How to Probate Florida Property Owned By Non-Residents
There are ever increasing numbers of people that own property in Florida, but don’t live there. They’re called “snowbirds”, because they fly South for the Winter to avoid the cold weather. When such a person passes away, their main estate is probated in the state where they resided when they died. In these cases it may be necessary to have a probate proceeding for the Florida property. This is known as “ancillary probate administration.”
When Is Ancillary Probate Needed?
Ancillary probate is usually needed for transfer property such as a house, condominium or car. It can also be necessary for transfers of other high value property such as boats and mobile homes. Florida does not require ancillary probate for the transfer of small amounts of personal property such as the furnishings and content of an apartment, unless it was furnished with highly valued antiques.
Do I Need To Hire A Lawyer for Ancillary Probate in Florida?
Ancillary probate administration in Florida, just like regular Florida probate, has options for Summary and Formal Proceedings. Formal proceedings require an attorney, but you are allowed to handle Summary Probate Proceedings on your own. Summary proceedings are a streamlined process that is much simpler than formal process, making the assistance of an attorney less necessary. In order to qualify for Summary Ancillary Probate in Florida, the Florida property owned by the decedent must have a value of less than $50,000. If the property qualifies, the foreign personal representative will need to file evidence of the original probate in the decedent’s home state and serve notice on possible creditors. If no creditors state claims, the property will be distributed to the beneficiaries. If you’re a personal representative from another state that’s seeking to represent the estate, and you don’t want to hire a Florida lawyer, it’s helpful to hire a legal document preparation service. South Florida Legal Document Preparation Services is the most highly regarded. They’re familiar with Florida forms and can help you create professional looking documents to submit to the court.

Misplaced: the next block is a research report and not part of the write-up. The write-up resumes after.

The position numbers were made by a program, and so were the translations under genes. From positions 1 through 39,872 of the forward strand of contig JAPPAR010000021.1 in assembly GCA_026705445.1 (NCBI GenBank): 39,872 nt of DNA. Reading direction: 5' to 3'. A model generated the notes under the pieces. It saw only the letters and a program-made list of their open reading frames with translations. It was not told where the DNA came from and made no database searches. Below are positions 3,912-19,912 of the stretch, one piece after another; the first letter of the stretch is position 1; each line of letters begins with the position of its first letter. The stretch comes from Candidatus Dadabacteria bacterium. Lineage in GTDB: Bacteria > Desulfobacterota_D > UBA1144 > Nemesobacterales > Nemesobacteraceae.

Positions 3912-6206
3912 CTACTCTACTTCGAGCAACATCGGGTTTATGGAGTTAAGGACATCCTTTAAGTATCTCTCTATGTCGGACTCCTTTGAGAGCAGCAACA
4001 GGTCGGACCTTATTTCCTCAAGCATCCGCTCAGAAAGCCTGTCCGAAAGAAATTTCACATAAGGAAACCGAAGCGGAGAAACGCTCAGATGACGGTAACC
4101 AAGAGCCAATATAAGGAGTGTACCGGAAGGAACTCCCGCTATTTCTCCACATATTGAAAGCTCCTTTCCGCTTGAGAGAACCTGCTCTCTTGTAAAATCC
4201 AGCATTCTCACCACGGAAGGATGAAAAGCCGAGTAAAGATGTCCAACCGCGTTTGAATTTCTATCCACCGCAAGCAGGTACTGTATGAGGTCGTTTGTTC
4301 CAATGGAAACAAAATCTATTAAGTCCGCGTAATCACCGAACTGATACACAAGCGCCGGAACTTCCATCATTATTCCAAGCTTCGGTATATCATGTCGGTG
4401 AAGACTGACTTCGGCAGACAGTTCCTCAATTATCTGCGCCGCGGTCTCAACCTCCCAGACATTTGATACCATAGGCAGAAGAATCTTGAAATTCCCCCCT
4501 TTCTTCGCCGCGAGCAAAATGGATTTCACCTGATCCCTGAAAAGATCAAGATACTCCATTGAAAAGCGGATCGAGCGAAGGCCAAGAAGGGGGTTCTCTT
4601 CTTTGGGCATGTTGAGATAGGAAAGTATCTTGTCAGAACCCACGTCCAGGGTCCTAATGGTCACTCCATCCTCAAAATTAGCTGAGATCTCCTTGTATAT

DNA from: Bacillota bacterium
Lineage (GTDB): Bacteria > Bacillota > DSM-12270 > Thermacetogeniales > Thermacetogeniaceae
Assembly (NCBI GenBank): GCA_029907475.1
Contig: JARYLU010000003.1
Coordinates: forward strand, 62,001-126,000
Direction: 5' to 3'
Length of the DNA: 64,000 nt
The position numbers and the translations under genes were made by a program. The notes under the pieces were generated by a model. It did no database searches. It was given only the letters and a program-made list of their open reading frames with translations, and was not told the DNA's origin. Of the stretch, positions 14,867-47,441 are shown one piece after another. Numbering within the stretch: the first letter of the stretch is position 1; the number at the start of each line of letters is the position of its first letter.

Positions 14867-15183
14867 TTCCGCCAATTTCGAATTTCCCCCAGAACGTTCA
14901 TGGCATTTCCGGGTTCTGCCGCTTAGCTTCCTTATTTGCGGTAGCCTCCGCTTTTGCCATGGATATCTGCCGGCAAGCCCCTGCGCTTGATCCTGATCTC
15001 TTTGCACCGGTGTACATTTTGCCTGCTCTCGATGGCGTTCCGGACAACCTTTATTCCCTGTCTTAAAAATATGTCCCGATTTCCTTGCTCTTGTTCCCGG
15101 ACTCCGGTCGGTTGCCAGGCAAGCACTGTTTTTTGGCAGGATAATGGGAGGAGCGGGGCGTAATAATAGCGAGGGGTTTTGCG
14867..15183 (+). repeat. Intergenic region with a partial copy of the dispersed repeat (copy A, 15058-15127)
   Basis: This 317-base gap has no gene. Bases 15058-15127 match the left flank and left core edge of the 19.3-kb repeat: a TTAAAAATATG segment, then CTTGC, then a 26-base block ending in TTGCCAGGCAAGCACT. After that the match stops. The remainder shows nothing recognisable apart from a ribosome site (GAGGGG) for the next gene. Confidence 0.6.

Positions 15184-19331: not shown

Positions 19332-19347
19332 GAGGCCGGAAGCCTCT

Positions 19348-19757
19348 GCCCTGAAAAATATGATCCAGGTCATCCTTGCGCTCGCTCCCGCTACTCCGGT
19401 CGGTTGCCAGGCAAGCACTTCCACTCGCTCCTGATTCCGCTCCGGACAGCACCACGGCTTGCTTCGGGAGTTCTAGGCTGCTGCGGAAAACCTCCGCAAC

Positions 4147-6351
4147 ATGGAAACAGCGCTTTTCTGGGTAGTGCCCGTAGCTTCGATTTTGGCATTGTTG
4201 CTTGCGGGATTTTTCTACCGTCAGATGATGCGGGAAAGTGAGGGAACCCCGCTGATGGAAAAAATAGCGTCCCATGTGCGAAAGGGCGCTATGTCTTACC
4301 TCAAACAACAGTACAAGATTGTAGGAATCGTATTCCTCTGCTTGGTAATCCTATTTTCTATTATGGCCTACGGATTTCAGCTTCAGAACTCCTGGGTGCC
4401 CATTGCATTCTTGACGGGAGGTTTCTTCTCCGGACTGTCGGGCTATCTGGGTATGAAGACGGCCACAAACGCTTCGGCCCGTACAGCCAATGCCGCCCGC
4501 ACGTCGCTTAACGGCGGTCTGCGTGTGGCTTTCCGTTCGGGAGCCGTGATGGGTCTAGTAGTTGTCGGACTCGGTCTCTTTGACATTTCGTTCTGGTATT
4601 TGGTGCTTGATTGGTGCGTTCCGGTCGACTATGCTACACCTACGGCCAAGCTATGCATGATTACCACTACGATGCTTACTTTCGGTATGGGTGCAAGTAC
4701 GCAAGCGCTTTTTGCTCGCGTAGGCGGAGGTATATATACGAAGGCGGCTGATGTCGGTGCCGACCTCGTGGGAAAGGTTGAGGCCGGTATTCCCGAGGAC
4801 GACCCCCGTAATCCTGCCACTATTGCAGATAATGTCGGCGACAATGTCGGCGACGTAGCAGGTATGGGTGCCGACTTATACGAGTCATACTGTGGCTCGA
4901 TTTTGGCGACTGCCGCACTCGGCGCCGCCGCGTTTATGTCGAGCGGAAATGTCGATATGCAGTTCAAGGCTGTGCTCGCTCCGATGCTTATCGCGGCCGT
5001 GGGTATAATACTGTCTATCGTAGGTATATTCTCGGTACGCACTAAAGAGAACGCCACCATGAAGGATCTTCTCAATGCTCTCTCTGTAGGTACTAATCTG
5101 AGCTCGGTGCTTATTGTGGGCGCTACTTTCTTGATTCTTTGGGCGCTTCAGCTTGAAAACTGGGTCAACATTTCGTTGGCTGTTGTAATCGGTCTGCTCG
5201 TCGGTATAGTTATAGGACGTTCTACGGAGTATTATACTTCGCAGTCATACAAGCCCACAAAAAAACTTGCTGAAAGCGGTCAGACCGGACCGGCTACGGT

If the property owned by the decedent in Florida is valued at less than $50,000 and the decedent died with a will, the personal representative in the foreign probate administration may be able to conduct a “summary” ancillary administration as set out in section 734.1025, Florida Statutes. In order to conduct the “summary” ancillary administration, the foreign personal representative needs to file an authenticated or exemplified copy of the foreign probate administration showing the will and beneficiaries with the clerk of court where the Florida property is located. The foreign personal representative will then need to notice the creditors of the decedent in accordance with the Florida Probate Rules. If any creditors file a statement of claim in the case, the case must carry on as a traditional ancillary administration with a personal representative appointed. If no statements of claim are filed within the appropriate time period, the assets can be distributed to the foreign probate administration to be distributed.
This blog does not constitute legal advice and does not establish an attorney-client relationship.
If you need legal advice, please contact a lawyer directly.